For the first time ever, Lenovo emerged as the No. 2 vendor of PC worldwide, eclipsing erstwhile Asus which dropped in the 5th spot amid reports of growth in shipments globally, Gartner reprots.
"The inventory buildup, which slowed growth the last four quarters, mostly cleared out during the third quarter of this year; however, the PC industry has been performing below normal seasonality," said Mikako Kitagawa, principal analyst at Gartner. "As expected, back-to-school PC sales were disappointing in mature markets, confirming that the consumer PC market continues to be weak. The popularity of non-PC devices, including media tablets, such as the iPad and smartphones, took consumers' spending away from PCs.
"As the PC market faced a slowdown, vendor consolidation has become a more apparent trend in the industry. Lenovo's recent merger with NEC, and its acquisition of Medion, as well as HP's announcement that it may spin off or sell its PC business, underlined this trend during the quarter."
HP, the No. 1 vendor based on global PC shipments, grew faster than the industry average, and its market share reached 17.7 percent in the third quarter of 2011 (see Table 1). Despite announcing in the middle of 2Q11 the potential spinoff of its PC business, HP experienced strong growth in the U.S., while outside the U.S., growth was relatively weak or average.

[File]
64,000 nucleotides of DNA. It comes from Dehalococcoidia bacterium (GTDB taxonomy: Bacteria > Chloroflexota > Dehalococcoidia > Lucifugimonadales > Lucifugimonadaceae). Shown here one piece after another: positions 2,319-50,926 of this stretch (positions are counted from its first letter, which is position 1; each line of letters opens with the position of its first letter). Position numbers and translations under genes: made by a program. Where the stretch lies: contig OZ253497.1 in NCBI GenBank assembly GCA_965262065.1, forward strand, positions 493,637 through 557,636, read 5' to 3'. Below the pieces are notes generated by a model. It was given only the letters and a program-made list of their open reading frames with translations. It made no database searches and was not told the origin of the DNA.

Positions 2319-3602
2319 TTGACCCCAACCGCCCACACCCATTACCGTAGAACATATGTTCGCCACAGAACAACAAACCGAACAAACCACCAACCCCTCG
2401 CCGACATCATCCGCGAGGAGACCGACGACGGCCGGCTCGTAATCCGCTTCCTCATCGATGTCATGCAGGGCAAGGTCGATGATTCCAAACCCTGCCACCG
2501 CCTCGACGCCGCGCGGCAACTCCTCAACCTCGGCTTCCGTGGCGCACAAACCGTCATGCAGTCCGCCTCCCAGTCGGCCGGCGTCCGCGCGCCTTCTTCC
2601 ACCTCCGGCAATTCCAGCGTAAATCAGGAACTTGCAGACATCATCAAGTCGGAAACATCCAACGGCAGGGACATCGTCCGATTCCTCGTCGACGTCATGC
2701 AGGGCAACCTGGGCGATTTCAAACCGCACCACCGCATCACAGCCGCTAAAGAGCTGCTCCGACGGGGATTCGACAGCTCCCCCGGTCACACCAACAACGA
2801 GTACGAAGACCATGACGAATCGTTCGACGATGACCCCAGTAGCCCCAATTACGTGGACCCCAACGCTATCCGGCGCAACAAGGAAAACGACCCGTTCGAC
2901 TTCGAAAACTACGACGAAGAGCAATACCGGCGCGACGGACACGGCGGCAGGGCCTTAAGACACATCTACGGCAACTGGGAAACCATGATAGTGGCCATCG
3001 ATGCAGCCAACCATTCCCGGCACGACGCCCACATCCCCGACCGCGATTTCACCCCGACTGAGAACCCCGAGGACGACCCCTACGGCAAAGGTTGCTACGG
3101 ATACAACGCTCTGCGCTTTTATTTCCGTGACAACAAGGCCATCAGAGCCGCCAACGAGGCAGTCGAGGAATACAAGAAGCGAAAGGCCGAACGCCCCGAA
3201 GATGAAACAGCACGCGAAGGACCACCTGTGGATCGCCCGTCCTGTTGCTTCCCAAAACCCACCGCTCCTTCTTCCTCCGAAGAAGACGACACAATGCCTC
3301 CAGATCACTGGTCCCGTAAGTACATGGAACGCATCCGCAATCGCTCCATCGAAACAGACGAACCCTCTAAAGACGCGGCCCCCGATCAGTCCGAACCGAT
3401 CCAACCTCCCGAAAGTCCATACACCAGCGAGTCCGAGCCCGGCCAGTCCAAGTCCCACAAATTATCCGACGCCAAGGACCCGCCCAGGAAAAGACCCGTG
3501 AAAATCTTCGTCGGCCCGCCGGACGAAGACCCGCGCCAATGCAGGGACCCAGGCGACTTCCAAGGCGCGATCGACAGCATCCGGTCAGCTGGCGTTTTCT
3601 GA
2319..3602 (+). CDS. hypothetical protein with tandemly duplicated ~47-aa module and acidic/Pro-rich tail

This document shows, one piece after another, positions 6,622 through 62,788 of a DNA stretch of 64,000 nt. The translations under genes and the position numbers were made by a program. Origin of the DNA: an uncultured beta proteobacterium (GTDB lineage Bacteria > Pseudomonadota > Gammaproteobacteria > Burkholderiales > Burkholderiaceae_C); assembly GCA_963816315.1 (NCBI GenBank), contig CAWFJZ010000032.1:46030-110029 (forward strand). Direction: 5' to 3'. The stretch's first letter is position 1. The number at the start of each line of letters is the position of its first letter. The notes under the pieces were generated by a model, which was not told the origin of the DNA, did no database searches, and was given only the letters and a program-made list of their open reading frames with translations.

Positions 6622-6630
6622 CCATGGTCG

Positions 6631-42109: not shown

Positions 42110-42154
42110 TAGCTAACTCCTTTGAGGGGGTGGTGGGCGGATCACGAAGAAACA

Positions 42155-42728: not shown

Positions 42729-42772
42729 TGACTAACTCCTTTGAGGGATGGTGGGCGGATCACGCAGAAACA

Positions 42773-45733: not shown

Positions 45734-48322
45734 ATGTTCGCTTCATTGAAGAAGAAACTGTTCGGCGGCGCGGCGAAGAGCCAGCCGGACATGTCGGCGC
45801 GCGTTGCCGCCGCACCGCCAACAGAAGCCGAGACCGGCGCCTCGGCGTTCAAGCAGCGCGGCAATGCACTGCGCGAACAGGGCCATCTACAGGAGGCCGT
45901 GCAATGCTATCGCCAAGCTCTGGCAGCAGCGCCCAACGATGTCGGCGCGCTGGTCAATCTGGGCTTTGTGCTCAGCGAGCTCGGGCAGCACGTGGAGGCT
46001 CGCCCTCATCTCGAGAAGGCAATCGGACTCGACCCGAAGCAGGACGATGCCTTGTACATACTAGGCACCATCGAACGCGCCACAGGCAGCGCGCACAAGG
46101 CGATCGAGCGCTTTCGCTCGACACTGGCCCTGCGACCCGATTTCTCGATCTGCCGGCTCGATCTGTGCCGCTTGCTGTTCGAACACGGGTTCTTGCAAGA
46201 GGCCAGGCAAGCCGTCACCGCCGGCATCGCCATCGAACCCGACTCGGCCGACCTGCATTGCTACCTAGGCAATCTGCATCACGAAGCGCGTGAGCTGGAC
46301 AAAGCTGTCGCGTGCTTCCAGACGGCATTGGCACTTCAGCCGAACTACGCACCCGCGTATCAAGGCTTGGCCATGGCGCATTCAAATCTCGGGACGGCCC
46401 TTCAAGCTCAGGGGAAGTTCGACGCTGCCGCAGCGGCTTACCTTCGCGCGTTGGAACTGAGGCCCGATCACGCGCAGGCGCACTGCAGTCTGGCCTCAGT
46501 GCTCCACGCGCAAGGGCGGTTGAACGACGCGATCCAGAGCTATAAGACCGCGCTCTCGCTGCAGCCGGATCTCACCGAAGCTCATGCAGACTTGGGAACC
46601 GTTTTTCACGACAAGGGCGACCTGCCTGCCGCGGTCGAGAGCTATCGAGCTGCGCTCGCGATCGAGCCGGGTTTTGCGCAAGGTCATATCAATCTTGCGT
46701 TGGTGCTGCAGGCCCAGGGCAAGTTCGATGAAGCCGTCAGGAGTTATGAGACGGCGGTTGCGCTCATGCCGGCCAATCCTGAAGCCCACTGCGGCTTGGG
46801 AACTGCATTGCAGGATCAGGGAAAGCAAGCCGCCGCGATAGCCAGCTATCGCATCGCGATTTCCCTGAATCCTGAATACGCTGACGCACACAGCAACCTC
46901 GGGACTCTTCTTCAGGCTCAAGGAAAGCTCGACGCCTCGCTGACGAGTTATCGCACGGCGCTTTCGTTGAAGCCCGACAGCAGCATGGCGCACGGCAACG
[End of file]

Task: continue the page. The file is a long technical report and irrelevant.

Lenovo became the second-largest PC vendor in the worldwide market for the first time. The company's expansion was boosted in part by the joint vendor with NEC in Japan. However, its aggressive marketing to both the professional and consumer PC markets accelerated its shipment volume.
Dell's performance was below the industry average in most regions, as the company faced intensified competition in the professional space, where Dell has been traditionally strong. Acer mostly cleared its inventory buildup in the EMEA region by the third quarter of 2011. However, channels have been adopting a conservative position in regard to placing orders following the inventory issues. Asus widened the gap with Toshiba, the sixth-largest vendor. Asus achieved strong growth in China.
In the U.S., PC shipments totaled 17.8 million units in the third quarter of 2011, a 1.1 percent increase from the third quarter of 2010. The U.S. PC market experienced year-over-year growth for the first time in three quarters. While the consumer market continued to be weak with disappointing back-to-school sales in the third quarter, the inventory was kept mostly in check as industry expectations were relatively low.
"The main contributor to the weak consumer PC market in the U.S. was intensified competition for consumers' money," Ms. Kitagawa said. "Media tablets and smartphones took center stage in the U.S. retail sector, and the expectation is for continuing demand for these devices throughout the holiday season."